Bottling it

I tried breastfeeding I really tried. It wasn’t a pleasant experience and it didn’t release any happy hormones in me. My beautiful boobs were made for men – but not this one. So a few days after birth, once my son had the creamy goodness of colostrum, I changed my plan. Boo would be combination fed.

You see naïvely I hadn’t realised that if you wanted to breastfeed you would have to commit to it like a drug user to heroin. Every few hours, relentless, so baby can get his fix. This wasn’t ever going to be for me, but good on any woman that has the endurance.

Then I experienced the sort of pressure women talk about. The ‘just persevere’ line, the ‘breast is best’ comment and so forth. Now, I’m strong woman and aint no one going to make me feel bad or guilty. In fact I felt proud of what I had achieved especially as I had expressed for a good month. Being a strong woman, people are scared to challenge me, and I got on with it my way. But seeing some of the girls I know, who don’t have my confidence, being coerced into something they found challenging was hard to see.

The other thing that struck me is the lack of information available for women who want to combine or bottle feed from day one. It’s as if it doesn’t happen, so no one writes about it. My health visitor told me I’d have to express eight times a day to be able to express so early on. I ignored them, and you know what – I managed twice a day to get about 200ml. My baby had breast milk this way and no other for his early life, and I was very proud of it. I was also very proud that my husband could feel him using the bottle, which he mostly had.

Good on anyone who can breastfeed, whether that’s exclusively or a little, but it was not for me and I feel no shame or guilt saying that. Noone knows my body better than me, and I’ll continue to listen to myself.

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  • Louise

    I never felt any pressure to breast feed. I wanted to give it a go, if it worked and we both took to it then great, if not, bottles it was. After the birth I tried feeding, not very successfully, and then was whipped away to theatre and of course while there baby needing feeding and he had formula. I felt a bit cheated that it wasn’t me to give him his first full feed. We carried on with breast though and although the first few days were pretty awful, that glorious day when your milk comes in arrived and we were all a bit happier. Now out and about I had real trouble feeding, you see Harry is a side feeder which doesn’t allow the best modesty. I’ve been topless on beaches, had the pups out on nights out etc, yet trying to feed my baby in public was terrifying, and I felt so judged for doing so. Now I don’t want to see women with their boobs out all the time especially when they’re not discreet but I do love the ‘brelfies’, I think they’re beautiful and the more they’re out in public the safer I feel. My breast feeding journey didn’t last too long as I fell pregnant with our second when Harry was 3 months old. I managed to get to 6 months with mostly just boob.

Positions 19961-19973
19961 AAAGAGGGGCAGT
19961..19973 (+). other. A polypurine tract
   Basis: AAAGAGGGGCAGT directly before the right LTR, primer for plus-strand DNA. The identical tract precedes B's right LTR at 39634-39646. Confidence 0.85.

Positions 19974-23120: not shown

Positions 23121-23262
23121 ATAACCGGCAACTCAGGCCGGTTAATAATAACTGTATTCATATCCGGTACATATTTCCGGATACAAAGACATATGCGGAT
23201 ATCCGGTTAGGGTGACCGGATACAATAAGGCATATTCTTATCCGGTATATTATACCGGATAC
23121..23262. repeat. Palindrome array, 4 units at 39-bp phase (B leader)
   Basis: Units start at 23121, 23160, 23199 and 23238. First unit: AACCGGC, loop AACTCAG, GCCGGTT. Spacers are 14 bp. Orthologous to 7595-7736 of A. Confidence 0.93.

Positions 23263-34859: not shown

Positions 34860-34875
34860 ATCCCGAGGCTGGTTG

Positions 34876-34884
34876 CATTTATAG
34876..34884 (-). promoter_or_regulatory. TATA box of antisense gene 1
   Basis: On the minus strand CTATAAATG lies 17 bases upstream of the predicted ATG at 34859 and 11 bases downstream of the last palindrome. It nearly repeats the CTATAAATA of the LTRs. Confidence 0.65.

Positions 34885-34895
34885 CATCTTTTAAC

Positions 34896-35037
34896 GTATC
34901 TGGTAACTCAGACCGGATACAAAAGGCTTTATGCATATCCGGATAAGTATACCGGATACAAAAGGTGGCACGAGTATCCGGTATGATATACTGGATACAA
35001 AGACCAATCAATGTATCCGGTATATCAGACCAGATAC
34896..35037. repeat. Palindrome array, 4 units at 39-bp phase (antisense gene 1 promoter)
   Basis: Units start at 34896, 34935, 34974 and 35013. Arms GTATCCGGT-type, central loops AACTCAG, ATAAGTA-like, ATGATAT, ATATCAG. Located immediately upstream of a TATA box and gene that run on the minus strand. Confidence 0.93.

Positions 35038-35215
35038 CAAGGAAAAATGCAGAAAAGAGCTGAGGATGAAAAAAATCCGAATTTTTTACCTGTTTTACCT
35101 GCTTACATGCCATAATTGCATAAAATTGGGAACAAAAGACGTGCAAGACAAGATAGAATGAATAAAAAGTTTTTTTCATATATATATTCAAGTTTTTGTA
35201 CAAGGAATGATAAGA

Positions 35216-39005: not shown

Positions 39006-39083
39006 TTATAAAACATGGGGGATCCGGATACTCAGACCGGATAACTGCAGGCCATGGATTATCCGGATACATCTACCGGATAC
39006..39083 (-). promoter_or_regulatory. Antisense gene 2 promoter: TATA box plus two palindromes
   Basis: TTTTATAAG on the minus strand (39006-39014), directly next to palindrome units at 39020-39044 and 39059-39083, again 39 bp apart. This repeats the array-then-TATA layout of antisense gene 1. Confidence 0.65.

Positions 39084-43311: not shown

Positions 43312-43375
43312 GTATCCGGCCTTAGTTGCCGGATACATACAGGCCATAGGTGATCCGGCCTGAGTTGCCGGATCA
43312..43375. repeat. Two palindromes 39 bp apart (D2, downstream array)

I feel like this whole new ‘bressure’ term is making those who can breast feed actually feel a bit guilty.

    If you can breast feed that is wonderful. Give support to those who want it, not preach to those who can’t or just don’t want to. Don’t be smug and all Mother Earth about it either!

    If you choose not to breast feed then that’s fine too, but don’t slate everyone else who does and make out it’s unnatural or wrong. If you can’t and need support go online and find a support group with an infant feeding specialist. Midwives and health visitors are not experts in breast feeding.

    At the end of it all just feed your baby 🙂